You sort of brought this up already on a different thread and much like as has become apparent on that thread it’s not really clear what exactly you are expecting here. For instance, you keep saying API but you are not providing any context of what you mean by that.
Do you want to know the NodeJS API methods and documentation? Then that is available online:
MongoDB Node.JS Driver
You want to know the version? Then that was available in the
You want “version compatibility”? Then there’s a listing for that as well:
Node.js Driver Compatibility
If you want documentation on general MongoDB operations, then there are a number of sources being either:
Query and Projection Operators
Aggregation Pipeline Stages
Aggregation Pipeline Operators
mongo shell as bundled with the database distribution.
All of that said, the listed prerequisites are indeed slimmer than they should be:
We highly recommend taking M001 prior to taking this course. A basic understanding of MongoDB’s document model will help you get the most out of this course.
Therefore I would advise that in order for you to comfortably follow along with this course then you at least have:
A competent understanding of MongoDB CRUD operations, at the very least obtained from a full understanding of MongoDB CRUD Operations and ALL sub-sections of the related core documentation. Successful completion of M001 would be advised.
Prior working knowledge of working with NodeJS applications in general. Mostly since this is NOT a course in “Getting started with NodeJS” and having that exposure as a starting point should be a basic minimum.
For the most part though, the majority of lesson material quite fairly introduces you to topics and provides example usage for you to follow in many cases. Mostly each exercise will even point you to the relevant reference documentation as required for that particular section and the problems to be solved based on information that can be obtained from that reference source.
In the rare ( and I actually count one ) instance where a question might require you to “look up” something where it does not directly point you to the exact reference source, you should find that some people have already been *helpful" and provided a “link” to the relevant documentation source in this very forum, when you take the time to read the threads.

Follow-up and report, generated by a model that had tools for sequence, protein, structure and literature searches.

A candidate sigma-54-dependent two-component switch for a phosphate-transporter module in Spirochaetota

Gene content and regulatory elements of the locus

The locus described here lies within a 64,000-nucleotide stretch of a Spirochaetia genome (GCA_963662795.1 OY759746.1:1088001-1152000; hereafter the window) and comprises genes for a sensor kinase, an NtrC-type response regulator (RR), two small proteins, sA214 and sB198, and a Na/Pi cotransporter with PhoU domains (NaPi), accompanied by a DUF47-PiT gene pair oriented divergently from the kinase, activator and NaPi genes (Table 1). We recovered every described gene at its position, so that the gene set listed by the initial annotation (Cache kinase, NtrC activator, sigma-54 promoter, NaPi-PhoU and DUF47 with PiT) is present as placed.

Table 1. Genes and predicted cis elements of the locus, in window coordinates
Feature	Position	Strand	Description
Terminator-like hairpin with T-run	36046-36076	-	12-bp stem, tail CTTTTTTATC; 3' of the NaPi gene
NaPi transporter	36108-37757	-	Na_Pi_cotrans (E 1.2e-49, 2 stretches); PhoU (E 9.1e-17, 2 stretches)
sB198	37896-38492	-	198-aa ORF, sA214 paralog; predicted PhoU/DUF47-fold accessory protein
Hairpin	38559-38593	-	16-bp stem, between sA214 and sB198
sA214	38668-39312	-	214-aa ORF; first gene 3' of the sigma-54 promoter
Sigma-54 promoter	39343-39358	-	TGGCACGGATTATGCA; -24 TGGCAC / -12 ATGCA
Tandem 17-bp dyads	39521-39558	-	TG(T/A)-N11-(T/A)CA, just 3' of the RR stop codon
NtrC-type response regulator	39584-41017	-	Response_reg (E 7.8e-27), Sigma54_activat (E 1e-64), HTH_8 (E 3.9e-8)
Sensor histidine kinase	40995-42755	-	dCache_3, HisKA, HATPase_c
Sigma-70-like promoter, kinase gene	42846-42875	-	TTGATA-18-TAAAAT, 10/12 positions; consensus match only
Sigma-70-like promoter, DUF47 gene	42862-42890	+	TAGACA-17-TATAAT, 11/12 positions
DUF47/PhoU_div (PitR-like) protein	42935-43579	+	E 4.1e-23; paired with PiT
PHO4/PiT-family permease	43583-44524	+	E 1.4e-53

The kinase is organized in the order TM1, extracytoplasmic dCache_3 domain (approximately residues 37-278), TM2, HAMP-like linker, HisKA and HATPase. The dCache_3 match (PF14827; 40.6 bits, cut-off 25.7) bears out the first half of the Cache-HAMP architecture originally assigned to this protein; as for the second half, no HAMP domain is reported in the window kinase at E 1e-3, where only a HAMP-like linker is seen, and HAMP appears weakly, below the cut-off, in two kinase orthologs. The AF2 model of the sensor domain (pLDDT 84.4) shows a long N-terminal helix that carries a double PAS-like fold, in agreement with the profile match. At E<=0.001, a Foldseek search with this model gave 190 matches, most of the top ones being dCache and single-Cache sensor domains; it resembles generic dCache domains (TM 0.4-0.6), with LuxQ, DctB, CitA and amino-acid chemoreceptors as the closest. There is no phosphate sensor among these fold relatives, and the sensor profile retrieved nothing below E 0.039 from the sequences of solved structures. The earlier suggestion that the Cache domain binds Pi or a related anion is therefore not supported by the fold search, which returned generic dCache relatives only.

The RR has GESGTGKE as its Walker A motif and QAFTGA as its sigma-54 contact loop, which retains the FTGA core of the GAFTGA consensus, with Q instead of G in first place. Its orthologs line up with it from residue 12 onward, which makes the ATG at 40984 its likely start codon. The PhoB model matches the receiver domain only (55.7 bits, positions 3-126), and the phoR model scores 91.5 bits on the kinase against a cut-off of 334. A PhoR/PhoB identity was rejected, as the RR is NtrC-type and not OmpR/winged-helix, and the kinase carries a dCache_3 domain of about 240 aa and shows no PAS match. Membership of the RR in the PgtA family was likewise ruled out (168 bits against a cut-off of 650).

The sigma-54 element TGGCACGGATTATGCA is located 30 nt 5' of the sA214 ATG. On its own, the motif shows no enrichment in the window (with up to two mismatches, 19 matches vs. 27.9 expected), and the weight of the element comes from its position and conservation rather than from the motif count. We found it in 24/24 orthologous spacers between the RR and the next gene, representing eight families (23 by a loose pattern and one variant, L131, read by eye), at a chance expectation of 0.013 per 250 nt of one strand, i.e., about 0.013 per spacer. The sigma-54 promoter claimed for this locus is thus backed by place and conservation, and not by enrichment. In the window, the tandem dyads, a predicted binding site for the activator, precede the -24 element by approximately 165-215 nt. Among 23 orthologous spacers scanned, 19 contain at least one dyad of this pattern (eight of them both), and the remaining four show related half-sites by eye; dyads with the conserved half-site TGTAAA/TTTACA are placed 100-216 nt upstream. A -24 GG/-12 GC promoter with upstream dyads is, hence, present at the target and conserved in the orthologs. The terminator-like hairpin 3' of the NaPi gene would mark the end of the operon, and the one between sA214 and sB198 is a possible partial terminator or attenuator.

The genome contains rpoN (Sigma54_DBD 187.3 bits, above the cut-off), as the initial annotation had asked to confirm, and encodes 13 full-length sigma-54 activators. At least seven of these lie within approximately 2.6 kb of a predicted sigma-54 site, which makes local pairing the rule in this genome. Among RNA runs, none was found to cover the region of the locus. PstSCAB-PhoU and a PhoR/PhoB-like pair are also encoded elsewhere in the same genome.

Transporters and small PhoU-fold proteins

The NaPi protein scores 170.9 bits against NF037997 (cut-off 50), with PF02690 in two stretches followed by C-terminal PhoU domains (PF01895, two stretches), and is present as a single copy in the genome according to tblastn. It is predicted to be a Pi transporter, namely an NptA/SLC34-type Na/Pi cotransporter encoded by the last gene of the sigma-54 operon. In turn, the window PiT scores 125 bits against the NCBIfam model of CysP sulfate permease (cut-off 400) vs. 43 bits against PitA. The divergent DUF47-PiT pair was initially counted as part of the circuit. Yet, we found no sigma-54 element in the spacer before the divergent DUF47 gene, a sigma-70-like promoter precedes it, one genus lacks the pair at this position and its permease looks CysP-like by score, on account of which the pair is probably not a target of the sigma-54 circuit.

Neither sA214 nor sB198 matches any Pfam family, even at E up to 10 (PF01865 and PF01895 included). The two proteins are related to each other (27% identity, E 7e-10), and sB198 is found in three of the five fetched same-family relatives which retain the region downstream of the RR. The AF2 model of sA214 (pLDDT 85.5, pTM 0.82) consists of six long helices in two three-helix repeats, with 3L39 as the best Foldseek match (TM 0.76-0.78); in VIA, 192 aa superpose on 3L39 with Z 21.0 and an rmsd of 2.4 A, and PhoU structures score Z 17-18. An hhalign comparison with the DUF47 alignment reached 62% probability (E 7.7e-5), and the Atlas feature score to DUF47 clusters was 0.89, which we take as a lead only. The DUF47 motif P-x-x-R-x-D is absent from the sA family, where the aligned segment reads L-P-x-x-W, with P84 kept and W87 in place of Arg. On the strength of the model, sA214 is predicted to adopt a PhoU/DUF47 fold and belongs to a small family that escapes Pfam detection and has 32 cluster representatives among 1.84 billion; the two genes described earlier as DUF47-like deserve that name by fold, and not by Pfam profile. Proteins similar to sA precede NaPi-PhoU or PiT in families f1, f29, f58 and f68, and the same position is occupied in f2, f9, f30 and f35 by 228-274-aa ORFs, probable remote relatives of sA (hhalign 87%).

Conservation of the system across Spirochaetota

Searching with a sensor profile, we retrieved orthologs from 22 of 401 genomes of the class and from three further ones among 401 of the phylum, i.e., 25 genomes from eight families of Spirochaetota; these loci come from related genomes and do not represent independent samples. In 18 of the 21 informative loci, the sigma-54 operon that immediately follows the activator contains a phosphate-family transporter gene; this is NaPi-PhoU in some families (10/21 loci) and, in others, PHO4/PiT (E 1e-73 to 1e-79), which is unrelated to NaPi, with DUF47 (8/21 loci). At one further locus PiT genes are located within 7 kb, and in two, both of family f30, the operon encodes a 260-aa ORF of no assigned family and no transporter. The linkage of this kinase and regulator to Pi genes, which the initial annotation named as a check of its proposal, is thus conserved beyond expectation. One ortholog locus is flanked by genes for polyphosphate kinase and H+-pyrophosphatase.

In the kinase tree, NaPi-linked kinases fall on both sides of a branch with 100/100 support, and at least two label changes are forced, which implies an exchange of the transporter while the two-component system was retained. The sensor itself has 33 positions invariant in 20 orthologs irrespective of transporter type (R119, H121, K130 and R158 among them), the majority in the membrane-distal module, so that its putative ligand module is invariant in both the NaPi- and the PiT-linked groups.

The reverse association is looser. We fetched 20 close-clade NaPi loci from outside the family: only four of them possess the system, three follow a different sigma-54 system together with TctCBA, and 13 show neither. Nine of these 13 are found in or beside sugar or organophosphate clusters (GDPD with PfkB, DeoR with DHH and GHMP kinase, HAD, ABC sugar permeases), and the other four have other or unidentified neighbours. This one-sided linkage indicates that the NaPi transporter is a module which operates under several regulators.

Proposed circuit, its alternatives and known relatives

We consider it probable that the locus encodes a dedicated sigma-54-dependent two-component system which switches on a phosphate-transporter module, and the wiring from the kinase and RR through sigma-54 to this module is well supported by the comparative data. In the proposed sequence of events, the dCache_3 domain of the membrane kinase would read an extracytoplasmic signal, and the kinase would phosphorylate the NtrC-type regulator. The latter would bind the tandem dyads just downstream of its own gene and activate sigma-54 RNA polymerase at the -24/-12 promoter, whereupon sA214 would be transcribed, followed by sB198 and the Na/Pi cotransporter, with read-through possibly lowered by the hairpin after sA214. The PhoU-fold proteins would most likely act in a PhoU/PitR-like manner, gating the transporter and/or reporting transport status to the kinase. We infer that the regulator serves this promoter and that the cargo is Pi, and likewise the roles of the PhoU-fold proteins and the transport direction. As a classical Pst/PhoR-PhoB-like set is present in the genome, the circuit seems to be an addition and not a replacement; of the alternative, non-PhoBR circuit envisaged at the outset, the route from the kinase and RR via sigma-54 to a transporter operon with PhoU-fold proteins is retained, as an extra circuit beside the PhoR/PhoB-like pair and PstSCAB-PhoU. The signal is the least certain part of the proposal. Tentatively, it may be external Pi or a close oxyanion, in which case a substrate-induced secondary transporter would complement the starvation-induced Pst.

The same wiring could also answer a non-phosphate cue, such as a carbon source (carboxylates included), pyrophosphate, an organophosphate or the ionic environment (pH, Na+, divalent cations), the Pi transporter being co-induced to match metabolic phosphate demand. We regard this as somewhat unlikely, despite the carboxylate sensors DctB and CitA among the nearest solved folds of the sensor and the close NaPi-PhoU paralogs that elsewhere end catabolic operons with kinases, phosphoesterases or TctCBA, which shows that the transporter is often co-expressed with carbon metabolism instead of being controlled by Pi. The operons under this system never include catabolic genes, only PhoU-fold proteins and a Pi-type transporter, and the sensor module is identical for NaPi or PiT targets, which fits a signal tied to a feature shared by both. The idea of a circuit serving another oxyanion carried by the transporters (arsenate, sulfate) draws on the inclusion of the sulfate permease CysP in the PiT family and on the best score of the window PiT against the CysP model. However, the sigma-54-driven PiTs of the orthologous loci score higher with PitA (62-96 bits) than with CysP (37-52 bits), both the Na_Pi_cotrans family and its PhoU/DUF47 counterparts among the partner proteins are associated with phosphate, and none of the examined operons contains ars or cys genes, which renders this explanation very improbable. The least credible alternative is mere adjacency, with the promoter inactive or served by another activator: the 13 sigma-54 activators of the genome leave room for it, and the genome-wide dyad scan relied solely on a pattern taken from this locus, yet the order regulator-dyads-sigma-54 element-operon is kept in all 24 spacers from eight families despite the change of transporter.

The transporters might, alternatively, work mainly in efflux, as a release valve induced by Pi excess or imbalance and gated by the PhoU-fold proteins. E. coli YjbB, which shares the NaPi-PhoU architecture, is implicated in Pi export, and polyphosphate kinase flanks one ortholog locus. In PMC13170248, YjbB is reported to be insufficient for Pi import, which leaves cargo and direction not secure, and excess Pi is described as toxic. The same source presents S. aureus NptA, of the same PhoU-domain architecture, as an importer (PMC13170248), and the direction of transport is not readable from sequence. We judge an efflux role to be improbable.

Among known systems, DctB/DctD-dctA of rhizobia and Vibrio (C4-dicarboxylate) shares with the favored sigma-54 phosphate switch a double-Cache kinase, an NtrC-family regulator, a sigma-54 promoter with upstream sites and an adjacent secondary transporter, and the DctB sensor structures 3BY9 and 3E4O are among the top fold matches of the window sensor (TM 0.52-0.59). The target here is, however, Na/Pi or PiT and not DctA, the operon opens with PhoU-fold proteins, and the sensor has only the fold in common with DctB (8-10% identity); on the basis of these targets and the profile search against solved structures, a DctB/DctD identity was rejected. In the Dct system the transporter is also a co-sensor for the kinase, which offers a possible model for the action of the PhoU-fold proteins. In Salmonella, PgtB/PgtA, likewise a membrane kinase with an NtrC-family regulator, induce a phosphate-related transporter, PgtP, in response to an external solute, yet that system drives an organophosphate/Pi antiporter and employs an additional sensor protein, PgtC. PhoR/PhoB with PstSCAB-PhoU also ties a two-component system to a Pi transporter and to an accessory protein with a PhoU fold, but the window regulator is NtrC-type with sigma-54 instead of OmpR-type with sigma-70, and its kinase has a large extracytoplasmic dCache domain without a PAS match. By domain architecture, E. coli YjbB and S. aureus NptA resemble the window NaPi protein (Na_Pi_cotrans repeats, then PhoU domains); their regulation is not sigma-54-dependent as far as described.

Of course, there is always the “internet” as a friend since you will find most questions you can come up with have generally been asked by someone else before. Even if not specifically in this discussion forum:
i.e “mongodb nodejs projection” as the literal search input to Google gives me a very accurate answer as to “what to do” within just a few links from the top of the page.
Finally, even if you are finding it hard to comprehend or keep up then the course material is still always “of value” since as you acquire greater knowledge then you should be able to refer back to the material and then understand it better at a later date.
And the answers are given too you, but quite naturally only after the assessment for each topic is complete.
Finally, not really clear what you mean by “Database editors”. I presume you want something like “code completion” on operations like aggregation pipeline stages such as
$lookup etc. I really don’t know of any things that do this outside of some rudimentary function in compass.
Personally, I never use them and have been doing this for a while now so I’m probably not the “new user” example. But I generally find the operator references ( first set of links given ) to be of greater use. And frankly I just “edit” in my current “general editor” of choice ( currently VSCode for what that’s worth ) and simply “Copy+Paste” the “text” into an open
mongo shell. Since (for me at least) that just works.
FYI, the majority of links presented in this page where simply obtained by me typing what was effectively the “page” or “section” titles ( or close variant of ) directly into a search engine and calling up that page. This is a really simple thing to do, and it yields results which should always be your very first step in obtaining information about anything.
Research first, then ask peers questions about “your research”. You will find people a lot more receptive to helping you when you can demonstrate effort and give them a base to understand what exactly you are asking.